When PCR primers are targeted at the most conserved rDNA gene sequences, amplification of the genes of virtually any bacterial species is possible. On the basis of the DNA sequence of the amplification product, the bacterium can then be located in the phylogenetic tree (32). During recent years, this approach has proven its usefulness for the identification of bacterial isolates that are difficult to classify by their phenotypic properties. Even more distinguishing and fascinating has been the application of this method to the identification of rare pathogens with unusual growth requirements and, indeed, of those which can be visualized in tissue but not cultured. The recognition of Bartonella henselae as the cause of bacillary angiomatosis (26) and that of Tropheryma whippelii as the uncultured bacillus associated with Whipple's disease (27, 33) were among the first demonstrations of the power of this method. Subsequently, broad-range bacterial PCR has been used to amplify bacterial genes directly from clinical samples, e.g., biopsy specimens from diseased tissue, with the aim of establishing etiologic diagnoses of various bacterial diseases in a clinical setting. These earlier studies have involved a limited number of specimens and have focused on one defined bacterial disease only, e.g., endocarditis (6, 11), intra-amniotic infection (8, 12), meningitis (16), bacteremia (18), and keratitis (15).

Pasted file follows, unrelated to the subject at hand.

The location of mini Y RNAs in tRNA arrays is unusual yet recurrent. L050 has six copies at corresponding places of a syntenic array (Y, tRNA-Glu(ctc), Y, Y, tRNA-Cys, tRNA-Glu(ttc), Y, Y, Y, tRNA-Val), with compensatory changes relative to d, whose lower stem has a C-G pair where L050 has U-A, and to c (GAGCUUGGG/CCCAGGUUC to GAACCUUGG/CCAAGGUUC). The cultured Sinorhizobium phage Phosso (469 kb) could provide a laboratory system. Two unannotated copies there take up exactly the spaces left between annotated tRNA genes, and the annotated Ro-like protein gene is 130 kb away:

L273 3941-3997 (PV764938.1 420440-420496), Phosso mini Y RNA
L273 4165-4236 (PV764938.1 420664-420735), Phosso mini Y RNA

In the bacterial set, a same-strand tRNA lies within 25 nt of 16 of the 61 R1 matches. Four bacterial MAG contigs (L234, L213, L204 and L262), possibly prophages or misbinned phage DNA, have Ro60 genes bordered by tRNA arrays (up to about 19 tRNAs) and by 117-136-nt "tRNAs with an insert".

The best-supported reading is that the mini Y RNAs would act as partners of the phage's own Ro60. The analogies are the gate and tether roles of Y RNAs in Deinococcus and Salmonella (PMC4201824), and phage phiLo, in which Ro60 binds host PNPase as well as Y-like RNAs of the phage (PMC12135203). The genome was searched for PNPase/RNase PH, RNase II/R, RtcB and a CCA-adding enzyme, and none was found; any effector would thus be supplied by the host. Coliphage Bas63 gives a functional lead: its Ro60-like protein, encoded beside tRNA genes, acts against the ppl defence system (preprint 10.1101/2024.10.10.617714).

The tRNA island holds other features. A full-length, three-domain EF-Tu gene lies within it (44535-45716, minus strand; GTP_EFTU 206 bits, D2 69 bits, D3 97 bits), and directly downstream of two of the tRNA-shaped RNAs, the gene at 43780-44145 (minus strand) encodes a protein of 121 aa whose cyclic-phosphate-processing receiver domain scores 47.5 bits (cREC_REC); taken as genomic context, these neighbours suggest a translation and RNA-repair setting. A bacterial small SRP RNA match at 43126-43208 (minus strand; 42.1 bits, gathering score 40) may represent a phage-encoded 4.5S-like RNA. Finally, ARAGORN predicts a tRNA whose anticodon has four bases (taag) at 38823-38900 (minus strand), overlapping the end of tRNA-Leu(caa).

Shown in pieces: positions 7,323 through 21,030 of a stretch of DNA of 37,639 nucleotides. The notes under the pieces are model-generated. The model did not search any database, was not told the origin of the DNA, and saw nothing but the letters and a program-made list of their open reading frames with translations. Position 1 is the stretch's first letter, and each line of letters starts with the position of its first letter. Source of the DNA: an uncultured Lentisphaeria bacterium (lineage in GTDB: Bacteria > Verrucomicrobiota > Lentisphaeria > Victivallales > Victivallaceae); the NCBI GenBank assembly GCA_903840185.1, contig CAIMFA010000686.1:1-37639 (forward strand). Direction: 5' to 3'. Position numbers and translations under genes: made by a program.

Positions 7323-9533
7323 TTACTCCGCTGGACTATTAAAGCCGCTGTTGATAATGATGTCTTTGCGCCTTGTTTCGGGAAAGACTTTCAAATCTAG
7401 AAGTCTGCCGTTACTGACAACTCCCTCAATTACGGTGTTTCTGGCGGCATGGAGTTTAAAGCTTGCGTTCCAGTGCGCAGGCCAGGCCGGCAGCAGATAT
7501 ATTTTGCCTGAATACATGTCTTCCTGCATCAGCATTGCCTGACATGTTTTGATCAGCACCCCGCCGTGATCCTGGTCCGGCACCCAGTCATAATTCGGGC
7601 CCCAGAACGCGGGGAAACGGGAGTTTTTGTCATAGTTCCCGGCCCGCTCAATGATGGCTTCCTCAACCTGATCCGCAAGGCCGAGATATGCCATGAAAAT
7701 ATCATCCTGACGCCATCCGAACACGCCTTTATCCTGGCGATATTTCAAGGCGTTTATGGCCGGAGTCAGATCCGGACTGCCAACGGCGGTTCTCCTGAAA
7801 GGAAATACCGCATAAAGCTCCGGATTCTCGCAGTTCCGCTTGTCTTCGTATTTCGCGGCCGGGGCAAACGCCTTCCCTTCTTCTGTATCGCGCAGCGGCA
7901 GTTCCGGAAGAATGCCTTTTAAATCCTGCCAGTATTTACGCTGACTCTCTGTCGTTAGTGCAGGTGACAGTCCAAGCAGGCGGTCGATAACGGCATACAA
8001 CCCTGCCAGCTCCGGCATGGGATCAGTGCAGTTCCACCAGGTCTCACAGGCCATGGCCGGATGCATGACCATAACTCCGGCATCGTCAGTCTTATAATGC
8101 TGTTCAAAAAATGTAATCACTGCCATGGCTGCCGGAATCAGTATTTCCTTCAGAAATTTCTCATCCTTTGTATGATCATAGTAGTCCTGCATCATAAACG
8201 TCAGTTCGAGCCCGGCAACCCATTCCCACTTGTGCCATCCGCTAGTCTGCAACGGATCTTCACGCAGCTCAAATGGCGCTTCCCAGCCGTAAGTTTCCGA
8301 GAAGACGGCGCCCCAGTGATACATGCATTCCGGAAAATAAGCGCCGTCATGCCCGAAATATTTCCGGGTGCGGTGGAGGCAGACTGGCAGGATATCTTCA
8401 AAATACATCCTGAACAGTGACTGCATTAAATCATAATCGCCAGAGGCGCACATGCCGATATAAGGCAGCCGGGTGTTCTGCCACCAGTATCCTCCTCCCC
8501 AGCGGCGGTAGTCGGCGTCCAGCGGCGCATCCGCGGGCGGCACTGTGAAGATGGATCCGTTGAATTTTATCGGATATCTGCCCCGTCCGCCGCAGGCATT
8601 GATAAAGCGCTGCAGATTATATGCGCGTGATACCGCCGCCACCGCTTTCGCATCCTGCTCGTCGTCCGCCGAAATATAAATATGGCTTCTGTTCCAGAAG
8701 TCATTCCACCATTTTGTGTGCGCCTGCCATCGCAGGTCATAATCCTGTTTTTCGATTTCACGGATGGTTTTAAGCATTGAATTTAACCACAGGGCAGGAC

Since the beginning of 1994, our laboratory has applied the PCR technique to the amplification of the 23S or 16S rDNA genes and DNA sequencing of the PCR products for the diagnosis of disease in hospitalized patients. We report here on our 4-year laboratory experience with the use of this molecular approach as a diagnostic tool in a clinical setting and delineate the potential advantages and disadvantages associated with the clinical application of this method.